I always assert my opinion from the other room— “Ninjas are good, too!” I yell from the kitchen. “How about pink ninjas?” Or, “What about Daddy? And Finn? Finn is a boy and we like him, right?” I don’t know why I do this. Maybe I’m trying to influence them into becoming independent thinkers (which makes no sense—if I’m the influence, then it’s not independent, now is it?). The four-year olds will usually play along (because they’re flexible) but when I put on some Queen (or Bjork or Otis Redding or Cake or Joni Mitchell or Tracy Chapman or Rufus Wainwright or Leonard Cohen) and turn it up real loud, my big girl might roll her eyes and shut her door (which I choose to interpret as a sign of her independence).
Their need for agreement with their friends makes me nervous. It seems that by making a declaration about liking (or not liking) something, we are attempting to connect with others, and the more similar we are, the friendlier we can be. If you like me, you’ll like the things I like, and because I like you, I’ll let you influence me. Aha! There’s the rub. On a small scale this is just a fun game but, if pushed to the extreme, it gets really, really scary. Think about all the stupid things groups and cliques and frats and gangs do, like organizing mass crow-exterminating parties for fun or torturing a kid because he doesn’t like girls the way a boy “should.” Think about the pregnant teenagers at Gloucester High School, hazing, and cults like Jim Jones pushing Kool Aid.
Think about war.
Yep, when I think about it, I realize large groups make me anxious, and when I look back at things I have written for this blog, I see a trend, a common theme that goes, “I like ______ (fill in the blank) and nobody gets it.” It’s often Individual vs. Society, in both my persuasive essays and my fiction. When I write, I often create an opponent, a straw man or a crowd of straw men (people who don’t like crows or think I’m crazy for not having a cell phone, for example) to whom I must explain myself or whom the protagonist attempts to woo. I wonder if this One-Against-the-World stance is my “real voice,” if it’s a part of my personality, or is it inherent in the act of writing? Does blogging predispose one to feeling or acting defensively? Is there something about sitting alone with a computer, addressing a faceless, mute crowd, that makes you paranoid? Or is it just me?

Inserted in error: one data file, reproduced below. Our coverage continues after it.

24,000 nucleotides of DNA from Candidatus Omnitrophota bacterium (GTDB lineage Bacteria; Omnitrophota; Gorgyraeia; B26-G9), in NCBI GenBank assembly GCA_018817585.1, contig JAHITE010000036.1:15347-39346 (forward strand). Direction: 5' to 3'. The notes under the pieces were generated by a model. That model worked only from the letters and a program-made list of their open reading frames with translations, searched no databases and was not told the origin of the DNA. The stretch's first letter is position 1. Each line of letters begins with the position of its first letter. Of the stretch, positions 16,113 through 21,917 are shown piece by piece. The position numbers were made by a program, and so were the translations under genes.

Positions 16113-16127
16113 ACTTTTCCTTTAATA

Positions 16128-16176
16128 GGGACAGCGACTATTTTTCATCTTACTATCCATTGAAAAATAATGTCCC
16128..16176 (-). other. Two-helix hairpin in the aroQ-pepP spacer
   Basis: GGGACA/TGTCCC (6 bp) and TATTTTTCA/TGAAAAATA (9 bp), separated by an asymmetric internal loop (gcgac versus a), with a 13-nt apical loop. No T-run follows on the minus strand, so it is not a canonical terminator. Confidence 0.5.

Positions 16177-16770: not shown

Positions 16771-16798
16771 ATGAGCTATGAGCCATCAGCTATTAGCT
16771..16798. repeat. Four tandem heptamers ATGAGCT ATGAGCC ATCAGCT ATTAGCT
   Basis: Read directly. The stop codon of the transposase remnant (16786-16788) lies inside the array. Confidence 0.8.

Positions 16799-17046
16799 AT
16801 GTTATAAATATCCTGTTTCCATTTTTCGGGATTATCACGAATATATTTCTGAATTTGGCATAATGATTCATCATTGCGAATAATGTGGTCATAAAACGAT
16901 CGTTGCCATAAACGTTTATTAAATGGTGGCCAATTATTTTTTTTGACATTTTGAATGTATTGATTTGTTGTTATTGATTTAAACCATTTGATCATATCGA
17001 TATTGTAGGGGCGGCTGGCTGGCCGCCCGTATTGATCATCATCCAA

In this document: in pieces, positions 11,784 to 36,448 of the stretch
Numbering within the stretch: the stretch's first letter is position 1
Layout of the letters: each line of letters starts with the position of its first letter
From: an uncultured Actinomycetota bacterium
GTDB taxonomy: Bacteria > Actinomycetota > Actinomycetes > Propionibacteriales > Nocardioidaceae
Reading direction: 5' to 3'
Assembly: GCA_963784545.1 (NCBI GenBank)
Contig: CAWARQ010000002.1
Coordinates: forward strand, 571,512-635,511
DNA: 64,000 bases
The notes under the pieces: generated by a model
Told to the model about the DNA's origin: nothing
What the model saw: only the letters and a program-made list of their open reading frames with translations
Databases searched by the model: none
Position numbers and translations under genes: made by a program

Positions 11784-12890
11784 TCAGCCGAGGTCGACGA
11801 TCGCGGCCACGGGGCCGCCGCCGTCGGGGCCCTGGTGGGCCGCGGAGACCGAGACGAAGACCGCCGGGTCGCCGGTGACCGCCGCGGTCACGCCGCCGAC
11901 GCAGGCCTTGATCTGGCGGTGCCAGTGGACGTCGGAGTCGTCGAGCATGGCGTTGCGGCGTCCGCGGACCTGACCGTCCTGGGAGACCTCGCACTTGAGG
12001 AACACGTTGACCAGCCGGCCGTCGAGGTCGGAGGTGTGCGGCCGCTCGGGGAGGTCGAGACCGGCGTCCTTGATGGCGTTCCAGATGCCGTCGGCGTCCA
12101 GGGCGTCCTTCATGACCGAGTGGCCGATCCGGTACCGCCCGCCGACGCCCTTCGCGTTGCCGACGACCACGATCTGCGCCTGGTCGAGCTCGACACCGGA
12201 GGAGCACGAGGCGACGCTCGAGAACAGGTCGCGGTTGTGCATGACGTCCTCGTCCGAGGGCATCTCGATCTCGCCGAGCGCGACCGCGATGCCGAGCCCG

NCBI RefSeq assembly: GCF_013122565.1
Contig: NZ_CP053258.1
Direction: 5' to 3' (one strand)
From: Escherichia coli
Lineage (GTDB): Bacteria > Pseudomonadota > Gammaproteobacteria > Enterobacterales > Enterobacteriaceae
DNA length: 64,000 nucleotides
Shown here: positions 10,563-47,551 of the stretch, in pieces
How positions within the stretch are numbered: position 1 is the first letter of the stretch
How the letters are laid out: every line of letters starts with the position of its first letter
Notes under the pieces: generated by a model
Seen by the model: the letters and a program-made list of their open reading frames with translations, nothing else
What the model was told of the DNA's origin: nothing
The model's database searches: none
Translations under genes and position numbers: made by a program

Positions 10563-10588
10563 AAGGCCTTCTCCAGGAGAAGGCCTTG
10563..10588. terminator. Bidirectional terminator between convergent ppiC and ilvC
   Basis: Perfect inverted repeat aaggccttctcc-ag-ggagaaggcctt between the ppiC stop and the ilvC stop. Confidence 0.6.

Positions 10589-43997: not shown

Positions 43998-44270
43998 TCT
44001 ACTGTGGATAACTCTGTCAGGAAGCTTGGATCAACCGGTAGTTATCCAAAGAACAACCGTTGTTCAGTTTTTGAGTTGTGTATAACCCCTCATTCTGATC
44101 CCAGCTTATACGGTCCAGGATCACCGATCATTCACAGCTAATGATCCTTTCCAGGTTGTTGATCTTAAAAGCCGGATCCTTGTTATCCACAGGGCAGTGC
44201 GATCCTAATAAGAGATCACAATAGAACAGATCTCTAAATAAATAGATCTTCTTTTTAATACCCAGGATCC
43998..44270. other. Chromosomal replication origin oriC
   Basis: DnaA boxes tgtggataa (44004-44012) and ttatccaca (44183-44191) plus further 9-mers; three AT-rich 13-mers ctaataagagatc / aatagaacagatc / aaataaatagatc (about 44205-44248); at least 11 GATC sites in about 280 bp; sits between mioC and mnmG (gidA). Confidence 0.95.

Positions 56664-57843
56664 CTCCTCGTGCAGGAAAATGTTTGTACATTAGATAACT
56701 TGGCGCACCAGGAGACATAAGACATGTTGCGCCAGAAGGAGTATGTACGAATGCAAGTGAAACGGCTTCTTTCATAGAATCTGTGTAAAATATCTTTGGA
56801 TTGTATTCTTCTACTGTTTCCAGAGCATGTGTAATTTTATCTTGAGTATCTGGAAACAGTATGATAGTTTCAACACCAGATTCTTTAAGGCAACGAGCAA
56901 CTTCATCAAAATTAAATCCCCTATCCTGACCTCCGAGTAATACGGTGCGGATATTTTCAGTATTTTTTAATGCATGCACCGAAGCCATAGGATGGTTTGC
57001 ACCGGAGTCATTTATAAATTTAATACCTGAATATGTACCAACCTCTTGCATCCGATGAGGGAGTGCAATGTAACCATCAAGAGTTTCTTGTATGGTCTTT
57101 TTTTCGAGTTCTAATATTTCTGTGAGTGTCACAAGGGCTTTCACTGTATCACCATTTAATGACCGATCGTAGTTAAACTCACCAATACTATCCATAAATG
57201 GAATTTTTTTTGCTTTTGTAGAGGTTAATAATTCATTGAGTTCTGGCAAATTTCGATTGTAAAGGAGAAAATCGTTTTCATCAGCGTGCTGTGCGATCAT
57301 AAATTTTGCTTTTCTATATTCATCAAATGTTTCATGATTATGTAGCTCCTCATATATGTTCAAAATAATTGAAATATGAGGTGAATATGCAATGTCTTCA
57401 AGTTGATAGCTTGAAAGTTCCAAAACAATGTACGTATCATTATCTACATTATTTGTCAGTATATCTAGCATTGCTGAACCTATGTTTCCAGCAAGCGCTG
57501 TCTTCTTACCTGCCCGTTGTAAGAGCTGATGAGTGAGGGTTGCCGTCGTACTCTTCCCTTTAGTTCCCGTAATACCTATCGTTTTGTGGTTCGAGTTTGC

Either way, this stance is starting to feel false and rather tiresome. My straw man has become a rag doll, a scarecrow, a big boring dummy and I’m beginning to wonder if there’s another way to write. People like David Sedaris seem to do well with Self vs. Self—maybe I’ll try more of that. Or I could imagine readers as a group of friends who don’t need persuading because they’re already on my side, even if we don’t necessarily like the same things: a friendly, smiling crowd –some wearing black lipstick and some in Burberry, a couple southerners, some vegans, and some who wear uniforms to work, some who like knitting or the color orange or whisky straight from the bottle—they might not be bobbing their heads in furious agreement, but at least seem interested and willing to engage in a dialogue.
These little details, our likes and dislikes make up who we are. They define us. That’s why they call them “telling details”—they speak volumes. They make it easy for us to characterize each other but we don’t have to agree.
We can decide to like deviation.
We can disagree together.
Next on my list of things to do: Get my hands on a copy of The Made-Up Self by Carl Klaus. Check it out!